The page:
Story type: Essay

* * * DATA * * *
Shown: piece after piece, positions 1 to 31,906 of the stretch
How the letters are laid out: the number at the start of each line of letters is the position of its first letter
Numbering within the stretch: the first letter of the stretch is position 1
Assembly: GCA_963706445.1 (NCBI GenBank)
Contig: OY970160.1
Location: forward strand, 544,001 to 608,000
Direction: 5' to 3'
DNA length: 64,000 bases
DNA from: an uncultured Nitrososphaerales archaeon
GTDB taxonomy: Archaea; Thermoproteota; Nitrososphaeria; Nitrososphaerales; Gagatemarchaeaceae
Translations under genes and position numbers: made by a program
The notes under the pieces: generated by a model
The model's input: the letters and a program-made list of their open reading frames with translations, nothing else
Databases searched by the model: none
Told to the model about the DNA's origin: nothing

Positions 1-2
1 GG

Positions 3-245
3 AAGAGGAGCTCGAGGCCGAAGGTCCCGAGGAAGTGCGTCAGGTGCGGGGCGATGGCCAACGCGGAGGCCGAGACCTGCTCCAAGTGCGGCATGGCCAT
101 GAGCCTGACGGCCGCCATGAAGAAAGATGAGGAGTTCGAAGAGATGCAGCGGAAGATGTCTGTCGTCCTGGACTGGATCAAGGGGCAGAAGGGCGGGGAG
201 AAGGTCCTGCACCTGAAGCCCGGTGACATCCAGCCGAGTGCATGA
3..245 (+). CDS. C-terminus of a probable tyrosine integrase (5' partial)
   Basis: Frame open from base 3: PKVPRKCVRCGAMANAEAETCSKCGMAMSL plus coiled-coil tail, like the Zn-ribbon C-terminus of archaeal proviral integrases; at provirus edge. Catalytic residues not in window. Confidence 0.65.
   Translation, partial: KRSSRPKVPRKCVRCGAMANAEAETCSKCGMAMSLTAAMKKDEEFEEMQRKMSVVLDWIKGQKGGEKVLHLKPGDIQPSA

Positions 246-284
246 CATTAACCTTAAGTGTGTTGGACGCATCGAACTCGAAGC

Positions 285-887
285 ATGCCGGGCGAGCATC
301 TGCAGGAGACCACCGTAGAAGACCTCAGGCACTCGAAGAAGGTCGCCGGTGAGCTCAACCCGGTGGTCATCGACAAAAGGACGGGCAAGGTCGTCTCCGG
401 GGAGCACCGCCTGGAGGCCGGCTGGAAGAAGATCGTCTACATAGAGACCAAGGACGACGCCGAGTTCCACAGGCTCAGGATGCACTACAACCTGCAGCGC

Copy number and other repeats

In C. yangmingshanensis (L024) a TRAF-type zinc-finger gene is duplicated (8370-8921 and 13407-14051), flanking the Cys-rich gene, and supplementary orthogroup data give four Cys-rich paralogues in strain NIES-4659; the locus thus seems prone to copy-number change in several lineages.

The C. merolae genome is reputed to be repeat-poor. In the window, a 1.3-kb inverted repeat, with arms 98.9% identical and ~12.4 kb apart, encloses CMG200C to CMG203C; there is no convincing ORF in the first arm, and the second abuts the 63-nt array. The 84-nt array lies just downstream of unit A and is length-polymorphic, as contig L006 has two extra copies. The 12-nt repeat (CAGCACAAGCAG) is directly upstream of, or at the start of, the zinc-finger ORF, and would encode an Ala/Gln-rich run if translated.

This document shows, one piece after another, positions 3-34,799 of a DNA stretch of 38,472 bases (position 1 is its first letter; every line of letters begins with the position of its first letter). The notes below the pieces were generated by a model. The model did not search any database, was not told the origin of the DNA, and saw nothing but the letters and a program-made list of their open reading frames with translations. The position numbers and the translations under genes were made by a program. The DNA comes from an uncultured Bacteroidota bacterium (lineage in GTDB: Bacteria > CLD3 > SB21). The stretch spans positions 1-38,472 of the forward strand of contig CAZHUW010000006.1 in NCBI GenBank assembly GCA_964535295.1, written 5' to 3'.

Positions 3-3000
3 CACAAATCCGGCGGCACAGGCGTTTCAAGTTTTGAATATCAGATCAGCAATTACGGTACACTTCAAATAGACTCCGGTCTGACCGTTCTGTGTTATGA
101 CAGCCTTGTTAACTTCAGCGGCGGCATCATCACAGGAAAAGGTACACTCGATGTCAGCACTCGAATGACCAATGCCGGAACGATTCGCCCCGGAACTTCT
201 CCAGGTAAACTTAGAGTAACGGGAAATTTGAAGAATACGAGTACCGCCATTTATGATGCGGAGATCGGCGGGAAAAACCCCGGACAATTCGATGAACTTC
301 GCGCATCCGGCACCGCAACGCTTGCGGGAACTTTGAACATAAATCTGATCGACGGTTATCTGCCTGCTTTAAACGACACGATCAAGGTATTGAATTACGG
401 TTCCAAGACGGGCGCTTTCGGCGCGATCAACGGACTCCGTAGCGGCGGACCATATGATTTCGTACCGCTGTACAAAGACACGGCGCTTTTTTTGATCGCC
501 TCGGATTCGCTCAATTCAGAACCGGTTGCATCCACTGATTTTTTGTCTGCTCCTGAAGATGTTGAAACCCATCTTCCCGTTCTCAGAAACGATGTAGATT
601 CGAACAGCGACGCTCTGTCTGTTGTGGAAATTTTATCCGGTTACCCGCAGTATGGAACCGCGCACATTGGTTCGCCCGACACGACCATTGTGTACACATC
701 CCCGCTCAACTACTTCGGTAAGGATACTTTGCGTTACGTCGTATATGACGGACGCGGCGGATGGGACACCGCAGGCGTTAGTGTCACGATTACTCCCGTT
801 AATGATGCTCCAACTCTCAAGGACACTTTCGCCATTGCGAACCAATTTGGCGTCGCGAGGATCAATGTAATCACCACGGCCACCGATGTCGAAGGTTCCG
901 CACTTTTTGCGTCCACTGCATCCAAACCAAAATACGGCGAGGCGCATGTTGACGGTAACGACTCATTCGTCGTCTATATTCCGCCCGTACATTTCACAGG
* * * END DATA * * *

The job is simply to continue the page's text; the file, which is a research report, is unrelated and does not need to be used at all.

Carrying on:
One fault in Wordsworth’s ‘Excursion’ suggested by Coleridge, but luckily quite beyond all the resources of tinkering open to William Wordsworth, is–in the choice of a Pedlar as the presiding character who connects the shifting scenes and persons in the ‘Excursion.’ Why should not some man of more authentic station have been complimented with that place, seeing that the appointment lay altogether in Wordsworth’s gift? But really now who could this have been? Garter King-at-Arms would have been a great deal too showy for a working hero. A railway-director, liable at any moment to abscond with the funds of the company, would have been viewed by all readers with far too much suspicion for the tranquillity desirable in a philosophic poem. A colonel of Horse Marines seems quite out of the question: what his proper functions may be, is still a question for the learned; but no man has supposed them to be philosophic. Yet on the other hand, argues Coleridge, would not ‘any wise and beneficent old man,’ without specifying his rank, have met the necessities of the case? Why, certainly, if it is our opinion that Coleridge wishes to have, we conceive that such an old gentleman, advertising in the Times as ‘willing to make himself generally useful,’ might have had a chance of dropping a line to William Wordsworth. But still we don’t know. Beneficent old gentlemen are sometimes great scamps. Men, who give themselves the best of characters in morning papers, are watched occasionally in a disagreeable manner by the police. Itinerant philosophers are absolutely not understood in England. Intruders into private premises, even for grand missionary purposes, are constantly served with summary notices to quit. Mrs. Quickly gave a first-rate character to Simple; but for all that, Dr. Caius with too much show of reason demanded, ‘Vat shall de honest young man do in my closet?’ And we fear that Coleridge’s beneficent old man, lecturing gratis upon things in general, would be regarded with illiberal jealousy by the female servants of any establishment, if he chose to lecture amongst the family linen. ‘What shall de wise beneficent old Monsieur do amongst our washing-tubs?’ We are perfectly confounded by the excessive blindness of Coleridge and nearly all other critics on this matter. ‘Need the rank,’ says Coleridge, ‘have been at all particularized, when nothing follows which the knowledge of that rank is to explain or illustrate?’ Nothing to explain or illustrate! Why, good heavens! it is only by the most distinct and positive information lodged with the constable as to who and what the vagrant was, that the leading philosopher in the ‘Excursion’ could possibly have saved himself over and over again from passing the night in the village ‘lock-up,’ and generally speaking in handcuffs, as one having too probably a design upon the village hen-roosts. In the sixth and seventh books, where the scene lies in the churchyard amongst the mountains, it is evident that the philosopher would have been arrested as a resurrection-man, had he not been known to substantial farmers as a pedlar ‘with some money.’ To be clothed therefore with an intelligible character and a local calling was as indispensable to the free movements of the Wanderer when out upon a philosophical spree, as a passport is to each and every traveller in France. Dr. Franklin, who was a very indifferent philosopher, but very great as a pedlar, and as cunning as Niccolo Machiavelli (which means as cunning as old Nick), was quite aware of this necessity as a tax upon travellers; and at every stage, on halting, he used to stand upright in his stirrups, crying aloud, ‘Gentlemen and Ladies, here I am at your service; Benjamin Franklin by name; once (but that was in boyhood) a devil; viz., in the service of a printer; next a compositor and reader to the press; at present a master-printer. My object in this journey is–to arrest a knave who will else be off to Europe with L200 of my money in his breeches-pocket: that is my final object: my immediate one is–dinner; which, if there is no just reason against it, I beg that you will no longer interrupt.’ Yet still, though it is essential to the free circulation of a philosopher that he should be known for what he is, the reader thinks that at least the philosopher might be known advantageously as regards his social standing. No, he could not. And we speak seriously. How could Coleridge and so many other critics overlook the overruling necessities of the situation? They argue as though Wordsworth had selected a pedlar under some abstract regard for his office of buying and selling: in which case undoubtedly a wholesale man would have a better chance for doing a ‘large stroke of business’ in philosophy than this huckstering retailer. Wordsworth however fixed on a pedlar–not for his commercial relations–but in spite of them. It was not for the essential of his calling that a pedlar was promoted to the post of central philosopher in his philosophic poem, but for an accident indirectly arising out of it. This accident lay in the natural privilege which a pedlar once had through all rural districts of common access to rich and poor, and secondly, in the leisurely nature of his intercourse. Three conditions there were for fulfilling that ministry of philosophic intercourse which Wordsworth’s plan supposed. First, the philosopher must be clothed with a real character, known to the actual usages of the land, and not imaginary: else this postulate of fiction at starting would have operated with an unrealizing effect upon all that followed. Next, it must be a character that was naturally fitted to carry the bearer through a large circuit of districts and villages; else the arena would be too narrow for the large survey of life and conflict demanded: lastly, the character must be one recommending itself alike to all ranks in tracts remote from towns, and procuring an admission ready and gracious to him who supports that character. Now this supreme advantage belonged in a degree absolutely unique to the character of pedlar, or (as Wordsworth euphemistically terms it) of ‘wandering merchant.’ In past generations the materfamilias, the young ladies, and the visitors within their gates, were as anxious for his periodic visit as the humblest of the domestics. They received him therefore with the condescending kindness of persons in a state of joyous expectation: young hearts beat with the anticipation of velvets and brocades from Genoa, lace veils from the Netherlands, jewels and jewelled trinkets; for you are not to think that, like Autolycus, he carried only one trinket. They were sincerely kind to him, being sincerely pleased. Besides, it was politic to assume a gracious manner, since else the pedlar might take out his revenge in the price of his wares; fifteen per cent. would be the least he could reasonably clap on as a premium and solatium to himself for any extra hauteur. This gracious style of intercourse, already favourable to a tone of conversation more liberal and unreserved than would else have been conceded to a vagrant huckster, was further improved by the fact that the pedlar was also the main retailer of news. Here it was that a real advantage offered itself to any mind having that philosophic interest in human characters, struggles, and calamities, which is likely enough to arise amongst a class of men contemplating long records of chance and change through their wanderings, and so often left to their own meditations upon them by long tracts of solitude. The gossip of the neighbouring districts, whether tragic or comic, would have a natural interest from its locality. And such records would lead to illustration from other cases more remote–losing the interest of neighbourhood, but compensating that loss by their deeper intrinsic hold upon the sensibilities. Ladies of the highest rank would suffer their reserve to thaw in such interviews; besides that, before unresisting humility and inferiority too apparent even haughtiness the most